Saturday, November 14, 2009

White Collar, "Flip of the Coin": A hip, modern antiquities thief

Quick thoughts on last night's "White Collar" coming up just as soon as I have a round of drinks and Parcheesi...

I didn't write about last week's episode, and I don't think "White Collar" is a show that, as presently constituted, is going to get regular blog treatment from me. Like "Burn Notice" in its first season, it feels too slight. I enjoy watching Tim DeKay and Matthew Bomer work together - and in this episode I liked seeing Moz get pulled into the case and come face-to-face with Agent Burke - but the stories seem barely there, and they aren't doing much with the guest stars so far. (How do you get Garrett Dillahunt and only use him for two scenes?)

But it's amiable enough, and maybe in time it'll make the same creative leap that "Burn Notice" did between seasons one and two. In the meantime, I'll watch, but unless there's something I specifically want to write about, I won't be writing.

What did everybody else think?

22 comments:

TV Obsessed said...

I kind of have the same feelings. The characters are great, but the stories are kind of boring. Maybe it's me, but from the 4 episodes so far, white collar crimes just aren't interesting.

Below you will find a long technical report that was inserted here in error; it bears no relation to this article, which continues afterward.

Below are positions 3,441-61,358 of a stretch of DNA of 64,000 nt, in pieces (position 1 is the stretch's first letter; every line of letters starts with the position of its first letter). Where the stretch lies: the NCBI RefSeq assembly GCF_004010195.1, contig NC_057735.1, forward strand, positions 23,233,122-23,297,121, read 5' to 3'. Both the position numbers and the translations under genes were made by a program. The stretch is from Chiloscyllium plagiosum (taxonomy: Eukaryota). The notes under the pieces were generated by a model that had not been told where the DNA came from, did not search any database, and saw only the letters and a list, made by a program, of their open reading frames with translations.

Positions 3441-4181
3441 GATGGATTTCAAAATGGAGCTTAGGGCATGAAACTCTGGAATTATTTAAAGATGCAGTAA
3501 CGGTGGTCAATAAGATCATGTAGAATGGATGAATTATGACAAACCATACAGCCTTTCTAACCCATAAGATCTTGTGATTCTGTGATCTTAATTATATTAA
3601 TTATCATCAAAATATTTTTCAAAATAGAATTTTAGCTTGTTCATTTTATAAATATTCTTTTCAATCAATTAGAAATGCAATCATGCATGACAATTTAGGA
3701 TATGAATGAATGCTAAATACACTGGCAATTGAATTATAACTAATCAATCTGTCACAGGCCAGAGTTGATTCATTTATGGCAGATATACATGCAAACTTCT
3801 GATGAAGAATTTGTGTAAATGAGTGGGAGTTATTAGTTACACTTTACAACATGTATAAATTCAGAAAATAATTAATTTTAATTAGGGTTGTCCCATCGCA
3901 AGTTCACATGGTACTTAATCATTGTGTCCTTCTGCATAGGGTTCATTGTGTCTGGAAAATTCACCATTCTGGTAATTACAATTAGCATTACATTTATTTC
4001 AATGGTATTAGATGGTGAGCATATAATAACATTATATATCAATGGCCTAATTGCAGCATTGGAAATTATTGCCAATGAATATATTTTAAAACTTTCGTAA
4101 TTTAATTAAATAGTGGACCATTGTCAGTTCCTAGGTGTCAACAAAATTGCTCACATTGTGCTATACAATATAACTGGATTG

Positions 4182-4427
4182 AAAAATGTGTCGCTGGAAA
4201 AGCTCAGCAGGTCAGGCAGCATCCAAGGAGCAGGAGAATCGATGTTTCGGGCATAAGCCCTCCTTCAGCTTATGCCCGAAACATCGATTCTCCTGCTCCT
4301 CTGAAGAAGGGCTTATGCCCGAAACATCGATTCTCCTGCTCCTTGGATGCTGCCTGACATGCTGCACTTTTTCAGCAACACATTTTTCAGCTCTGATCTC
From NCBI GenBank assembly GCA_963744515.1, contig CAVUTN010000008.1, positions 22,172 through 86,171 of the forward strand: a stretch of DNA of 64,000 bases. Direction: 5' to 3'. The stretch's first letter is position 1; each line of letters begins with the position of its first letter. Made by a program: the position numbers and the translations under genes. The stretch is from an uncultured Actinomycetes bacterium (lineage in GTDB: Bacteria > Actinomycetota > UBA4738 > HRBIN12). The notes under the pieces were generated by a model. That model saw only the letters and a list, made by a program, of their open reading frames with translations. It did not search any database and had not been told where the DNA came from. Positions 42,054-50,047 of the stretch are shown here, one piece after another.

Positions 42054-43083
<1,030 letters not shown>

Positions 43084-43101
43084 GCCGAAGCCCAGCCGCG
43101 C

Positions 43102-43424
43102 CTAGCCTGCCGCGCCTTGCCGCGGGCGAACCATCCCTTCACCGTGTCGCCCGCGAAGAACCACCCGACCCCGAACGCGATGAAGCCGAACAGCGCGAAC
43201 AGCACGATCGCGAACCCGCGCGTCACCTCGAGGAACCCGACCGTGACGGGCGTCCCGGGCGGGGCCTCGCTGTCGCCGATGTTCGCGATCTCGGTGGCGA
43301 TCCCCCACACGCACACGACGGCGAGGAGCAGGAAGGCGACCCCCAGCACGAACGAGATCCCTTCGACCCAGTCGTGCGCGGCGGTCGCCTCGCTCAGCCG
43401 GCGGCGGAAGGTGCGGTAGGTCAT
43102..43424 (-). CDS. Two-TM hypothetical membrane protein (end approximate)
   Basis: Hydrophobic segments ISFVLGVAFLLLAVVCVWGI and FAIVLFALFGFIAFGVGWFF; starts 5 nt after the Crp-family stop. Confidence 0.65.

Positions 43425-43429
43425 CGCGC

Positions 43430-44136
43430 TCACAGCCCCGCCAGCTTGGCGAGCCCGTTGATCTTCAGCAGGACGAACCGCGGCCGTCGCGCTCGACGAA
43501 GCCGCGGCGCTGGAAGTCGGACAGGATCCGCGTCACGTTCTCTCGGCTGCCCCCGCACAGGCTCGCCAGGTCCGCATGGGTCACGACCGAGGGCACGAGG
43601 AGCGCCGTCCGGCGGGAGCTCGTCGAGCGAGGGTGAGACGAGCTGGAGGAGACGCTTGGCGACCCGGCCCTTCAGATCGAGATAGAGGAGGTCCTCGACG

Emily N. said...

Yep. I agree. The show has loads of potential and Matthew Bomer is a charismatic leading man, but they need to amp up the action, intensity, and/or humor. Perhaps more focus on Neal and Moz would help. To me, the con artist lifestyle is inherently fascinating.

Phil Freeman said...

(How do you get Garrett Dillahunt and only use him for two scenes?)

It's Garrett Dillahunt. He probably only had a 15-minute break from the six other guest appearances he was filming that week.

Seriously, I kinda agree. I like the idea of this show, but as of now it's tied with Royal Pains for being the runt of the USA-original-drama litter.

DarthRazorback said...

I really like the characters and the actors are all doing a good job. But I agree, these stories are very safe. I actually think bringing the wife unit into more of the episodes would make the show a bit better.

tony libido said...

The most marked thing to me about WC is the incredible drop off from the witty, intense, stylish pilot and the episodes that have followed.

The rat pack wardrobe, the intense play btwn the leads, it's all gone. Blanded out to nothing. I do wonder whose bright thinking that was but for now, not worth my time. A pity really...

Ben said...

Could not agree more! There is something there, but the "thin" comment describing the overall production is a great call. I am not one for noticing editing issues, but there was a blatant voice over that seemed incredibly amateurish.

Anyway, hopefully the stories become better, but I might just let a few episodes stack up on TIVO and see what happens.

Thanks Alan for updating us on your thoughts!

Hatfield said...

I agree. I enjoy it (at least episodes 1 & 3; didn't care much for #2), but what are you going to analyze exactly?

Last week's episode did bring to mind a few things:

Kirk Acevedo is not good at being an asshole. Maybe a tough guy, but he felt miscast.